Final Fantasy Origins
Final Fantasy Origins is a collection of the first two Final Fantasy games which makes the origins of the series accessible to new fans.
|Developer: Square Enix
Publisher: Square Enix
Release Date: April 8, 2003
JustRPG Score: 68%
+The roots of Final Fantasy are now easily accessible to fans.
+Significantly enhanced in terms of graphics, music, and gameplay compared to the originals.
-Graphics are still dated by today’s standards.
-Story line is lacking in FF2 and almost non existent in FF1.
-Little replay value.
Final Fantasy Origins Overview
Final Fantasy Origins is a collection of Final Fantasy 1 and Final Fantasy 2 originally on the NES and the SNES. This collection makes the roots of the legendary Final Fantasy franchise now more easily accessible to new fans of the series. The graphics of these games were also improved for this new release. Although this release makes these games more accessible the graphics are still pretty dated by today’s standards and the story lines in each game are pretty weak. There is also almost no replay value once you beat the game once.
Final Fantasy Origins Screenshots
Final Fantasy Origins Featured Video
Final Fantasy Origins Review
By, Charles Cosgriff II
|Square-Enix takes two classic games – one previously never released in North America – and packs them onto one disc, complete with upgrades. Still, these are games from the early days of RPGs. Can they stand up against modern hits?|
It took years, but Square-Enix has finally started to re-release the original Final Fantasy games for the current generation to enjoy. The remakes of Final Fantasy 1and 2 originally appeared on the Wonderswan, but have since made their way to the PSX in the form of Origins. This is a blessing to North American gamers, who missed out on a few of the early Final Fantasy games, including Final Fantasy 2.
|The original Final Fantasy puts players in the roles of four Light Warriors given the task of restoring light to the four orbs by defeating their representative fiend. As each orb’s light waned, its representative element turned into chaos. Players will choose a party from several classes, including White Mage, Black Mage, Fighter, Thief, Red Mage and Monk, and explore a large world trying to pacify the elements.|
|Final Fantasy 2 begins the more story-driven approach of the series by introducing set characters for the players to control.|
The graphics are reminiscent of the Super Nintendo’s entries in the Final Fantasy series, which is both a good and a bad thing. Compared to the original versions of the Final Fantasys on the Nintendo, the visuals are brighter and more detailed, but they are still lacking when compared to 2D RPGs in recent years.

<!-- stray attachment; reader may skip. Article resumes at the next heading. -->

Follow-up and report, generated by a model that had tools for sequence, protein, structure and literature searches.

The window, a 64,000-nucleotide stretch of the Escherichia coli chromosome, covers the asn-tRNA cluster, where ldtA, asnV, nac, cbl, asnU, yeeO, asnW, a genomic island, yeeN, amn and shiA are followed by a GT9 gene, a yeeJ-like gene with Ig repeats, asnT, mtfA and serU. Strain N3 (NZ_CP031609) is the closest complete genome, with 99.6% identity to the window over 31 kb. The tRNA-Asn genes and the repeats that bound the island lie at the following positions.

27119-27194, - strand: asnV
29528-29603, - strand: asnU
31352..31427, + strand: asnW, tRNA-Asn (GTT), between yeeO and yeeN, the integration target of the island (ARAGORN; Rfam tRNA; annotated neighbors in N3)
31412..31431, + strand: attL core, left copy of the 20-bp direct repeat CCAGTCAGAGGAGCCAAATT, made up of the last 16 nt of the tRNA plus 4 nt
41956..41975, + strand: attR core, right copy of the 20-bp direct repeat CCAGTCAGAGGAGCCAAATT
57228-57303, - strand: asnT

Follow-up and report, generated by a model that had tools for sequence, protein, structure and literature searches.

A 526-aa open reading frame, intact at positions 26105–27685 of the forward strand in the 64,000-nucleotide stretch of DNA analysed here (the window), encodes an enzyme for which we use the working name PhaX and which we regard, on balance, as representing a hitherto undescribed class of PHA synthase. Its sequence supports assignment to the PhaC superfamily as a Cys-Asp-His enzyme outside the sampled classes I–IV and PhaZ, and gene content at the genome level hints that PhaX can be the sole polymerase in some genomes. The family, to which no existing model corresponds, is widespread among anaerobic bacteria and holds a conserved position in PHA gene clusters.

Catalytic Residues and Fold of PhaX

|The music also received an overhaul. Most of the tracks are vastly improved over their original forms. Each track sets the mood and helps draw the gamer in. The music fits the time and place, whether peaceful village or volcanic cave. While not quite as memorable as later games in the series, the improved music is on par with many of the games released in recent years.|
The gameplay, however, remains simplistic compared to modern-day RPGs. Square-Enix added some minor improvements to the formulas (no more attacking air, certain spells fixed), but for the most part they remain simplistic battles of ”select Attack, select Enemy, repeat.” This was a solid system for its day, but much of the strategy is lost.
|Final Fantasy 2 offers a significantly different experience system that ends up a mixed blessing. As you use a sword, you gain strength. As you take hits in battle, you gain hit points. While it sounds good in theory, players can easily exploit the system and have exceptionally powerful characters early on.|
Also notable to Origins is the built-in Monster list and unlockable artwork. As gamers encounter monsters and events through the course of the game, a new entry will be put into the Monster journal and new artwork will become unlocked.
|Even with the significant upgrades, Origins still suffers from age. In its heyday these games may have been the cream of the crop, but the majority of current gamers should avoid Origins, even with its $30 price tag. Still, for the diehard fans of Final Fantasy and RPGs in general, and those interested in the roots of modern RPGs, Origins is a must-have.|
|Final Verdict: 68%|
Final Fantasy Origins Videos
Final Fantasy Origins Trailer